Can it pass standards?
Helmet lab testing normally includes testing wet, cold and hot samples. They are tested against rounded anvils and curbstone anvils as well as flat ones. The test would have to be of a fully-inflated Chieftan. How well would this device perform against a grapefruit-shaped anvil, or one that was the shape of a curb? Would it perform after being immersed in water for four hours? Would it pass the positional stability test once it was inflated? Would it perform at -15 and plus 50 degrees Centigrade? (That's 5 to 122 degrees F.) All of these questions assume testing on conventional equipment as called out in the CPSC standard, and there are good reasons based on field experience for each of the test parameters.
We doubt that the Chieftan can pass CPSC, and it would have to for the US market. The CPSC definition of a helmet is:
"Bicycle helmet means any headgear that either is marketed as, or implied through marketing or promotion to be, a device intended to provide protection from head injuries while riding a bicycle. (Section 1203.4.2 (b))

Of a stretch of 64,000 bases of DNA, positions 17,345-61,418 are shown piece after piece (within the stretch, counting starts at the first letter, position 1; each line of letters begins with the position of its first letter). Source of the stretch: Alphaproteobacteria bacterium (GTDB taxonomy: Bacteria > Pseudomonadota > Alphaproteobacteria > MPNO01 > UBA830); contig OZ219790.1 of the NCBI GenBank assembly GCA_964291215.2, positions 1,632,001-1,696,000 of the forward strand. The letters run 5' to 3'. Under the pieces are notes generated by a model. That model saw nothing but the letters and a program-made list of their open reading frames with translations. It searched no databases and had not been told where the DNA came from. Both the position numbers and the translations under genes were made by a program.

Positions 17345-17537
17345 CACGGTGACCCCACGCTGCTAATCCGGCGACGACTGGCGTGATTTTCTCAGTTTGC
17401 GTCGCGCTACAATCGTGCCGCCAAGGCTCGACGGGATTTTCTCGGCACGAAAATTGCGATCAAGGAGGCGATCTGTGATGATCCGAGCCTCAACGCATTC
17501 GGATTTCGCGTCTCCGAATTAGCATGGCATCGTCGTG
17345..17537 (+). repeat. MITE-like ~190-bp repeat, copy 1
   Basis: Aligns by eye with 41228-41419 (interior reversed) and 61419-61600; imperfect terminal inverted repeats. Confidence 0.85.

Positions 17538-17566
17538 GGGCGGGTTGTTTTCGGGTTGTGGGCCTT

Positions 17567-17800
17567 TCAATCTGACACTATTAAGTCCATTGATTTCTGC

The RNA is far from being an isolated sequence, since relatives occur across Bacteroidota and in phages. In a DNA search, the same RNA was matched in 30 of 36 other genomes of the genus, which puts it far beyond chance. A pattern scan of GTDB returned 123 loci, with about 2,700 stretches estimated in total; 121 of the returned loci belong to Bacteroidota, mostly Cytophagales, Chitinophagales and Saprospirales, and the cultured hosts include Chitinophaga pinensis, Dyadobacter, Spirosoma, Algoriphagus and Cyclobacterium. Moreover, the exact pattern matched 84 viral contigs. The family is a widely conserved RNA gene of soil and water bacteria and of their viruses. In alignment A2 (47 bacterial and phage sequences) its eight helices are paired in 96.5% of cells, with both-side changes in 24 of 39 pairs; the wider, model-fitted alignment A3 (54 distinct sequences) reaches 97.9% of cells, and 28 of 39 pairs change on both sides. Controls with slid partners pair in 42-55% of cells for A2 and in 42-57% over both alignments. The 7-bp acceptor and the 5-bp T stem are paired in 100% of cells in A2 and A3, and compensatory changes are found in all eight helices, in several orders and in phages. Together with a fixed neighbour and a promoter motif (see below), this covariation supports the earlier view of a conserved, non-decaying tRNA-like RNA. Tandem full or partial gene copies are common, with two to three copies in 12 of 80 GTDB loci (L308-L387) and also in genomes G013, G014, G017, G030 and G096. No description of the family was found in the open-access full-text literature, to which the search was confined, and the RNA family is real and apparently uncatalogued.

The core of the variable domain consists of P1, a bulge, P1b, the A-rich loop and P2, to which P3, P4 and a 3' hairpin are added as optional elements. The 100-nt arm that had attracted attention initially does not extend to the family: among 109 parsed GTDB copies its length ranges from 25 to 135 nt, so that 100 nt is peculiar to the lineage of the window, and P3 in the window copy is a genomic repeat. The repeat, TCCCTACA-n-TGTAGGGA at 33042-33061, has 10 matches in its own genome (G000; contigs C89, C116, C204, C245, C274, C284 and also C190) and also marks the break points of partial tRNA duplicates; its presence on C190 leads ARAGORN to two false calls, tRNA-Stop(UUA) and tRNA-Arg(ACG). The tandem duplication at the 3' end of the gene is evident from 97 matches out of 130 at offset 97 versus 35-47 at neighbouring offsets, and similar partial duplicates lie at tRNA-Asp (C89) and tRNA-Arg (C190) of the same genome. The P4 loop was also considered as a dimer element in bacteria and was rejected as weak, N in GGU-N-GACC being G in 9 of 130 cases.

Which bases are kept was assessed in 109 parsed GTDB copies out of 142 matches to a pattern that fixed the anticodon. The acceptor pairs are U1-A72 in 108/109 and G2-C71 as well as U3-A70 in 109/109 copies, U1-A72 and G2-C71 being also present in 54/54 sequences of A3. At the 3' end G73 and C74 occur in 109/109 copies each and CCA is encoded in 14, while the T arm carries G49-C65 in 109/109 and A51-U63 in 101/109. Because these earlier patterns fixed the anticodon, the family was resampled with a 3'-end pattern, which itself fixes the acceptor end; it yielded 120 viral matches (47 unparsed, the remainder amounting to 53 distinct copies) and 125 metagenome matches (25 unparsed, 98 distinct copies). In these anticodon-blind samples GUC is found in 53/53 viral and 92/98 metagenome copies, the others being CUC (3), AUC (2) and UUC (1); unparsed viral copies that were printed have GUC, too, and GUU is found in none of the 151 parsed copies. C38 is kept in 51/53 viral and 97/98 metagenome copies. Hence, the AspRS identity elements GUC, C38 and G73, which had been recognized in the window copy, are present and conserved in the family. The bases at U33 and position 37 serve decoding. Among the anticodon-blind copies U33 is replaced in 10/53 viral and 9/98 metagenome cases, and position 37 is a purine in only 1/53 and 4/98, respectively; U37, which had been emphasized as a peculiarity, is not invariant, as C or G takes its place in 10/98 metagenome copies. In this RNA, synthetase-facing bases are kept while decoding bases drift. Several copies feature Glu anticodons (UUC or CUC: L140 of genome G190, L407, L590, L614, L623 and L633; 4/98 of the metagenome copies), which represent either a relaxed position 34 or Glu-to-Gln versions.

That seems to encompass the Chieftan. Hövding has introduced the device in the European market at a very high price, but is not selling them to US customers. We don't know if it would be required to pass the CEN helmet standard to be sold in Europe. It might simply be certified for the CE mark. European test rigs are very different, and we don't know if it would pass the EN 1078 standard or not. EN 1078 defines a helmet as "an item to be worn on the head and intended to absorb the energy of an impact, thus reducing the risk of injury to the head." That would seem to exclude the Chieftan. Hövding must have some idea of that, but we could not find any reference to standards on their Web site.
Swedish Folksam testing
In 2012 the Swedish insurance company Folksam tested bicycle helmets, including the Hovding. You can read their test article in English. Unfortunately they used unconventional testing methods. They state in the article that all the helmets met the European bike helmet standard, but the Hovding does not. They rated the Hovding highly for one type of test they did, saying it was three times better than the other helmets, but did not even attempt to include it at all in their other tests. And they don't explain what "three times" means. You have to applaud their willingness to take on the challenge of testing the Hovding, but the article really does not provide enough information on the testing to make it useful, and did not even attempt to do a full battery of tests.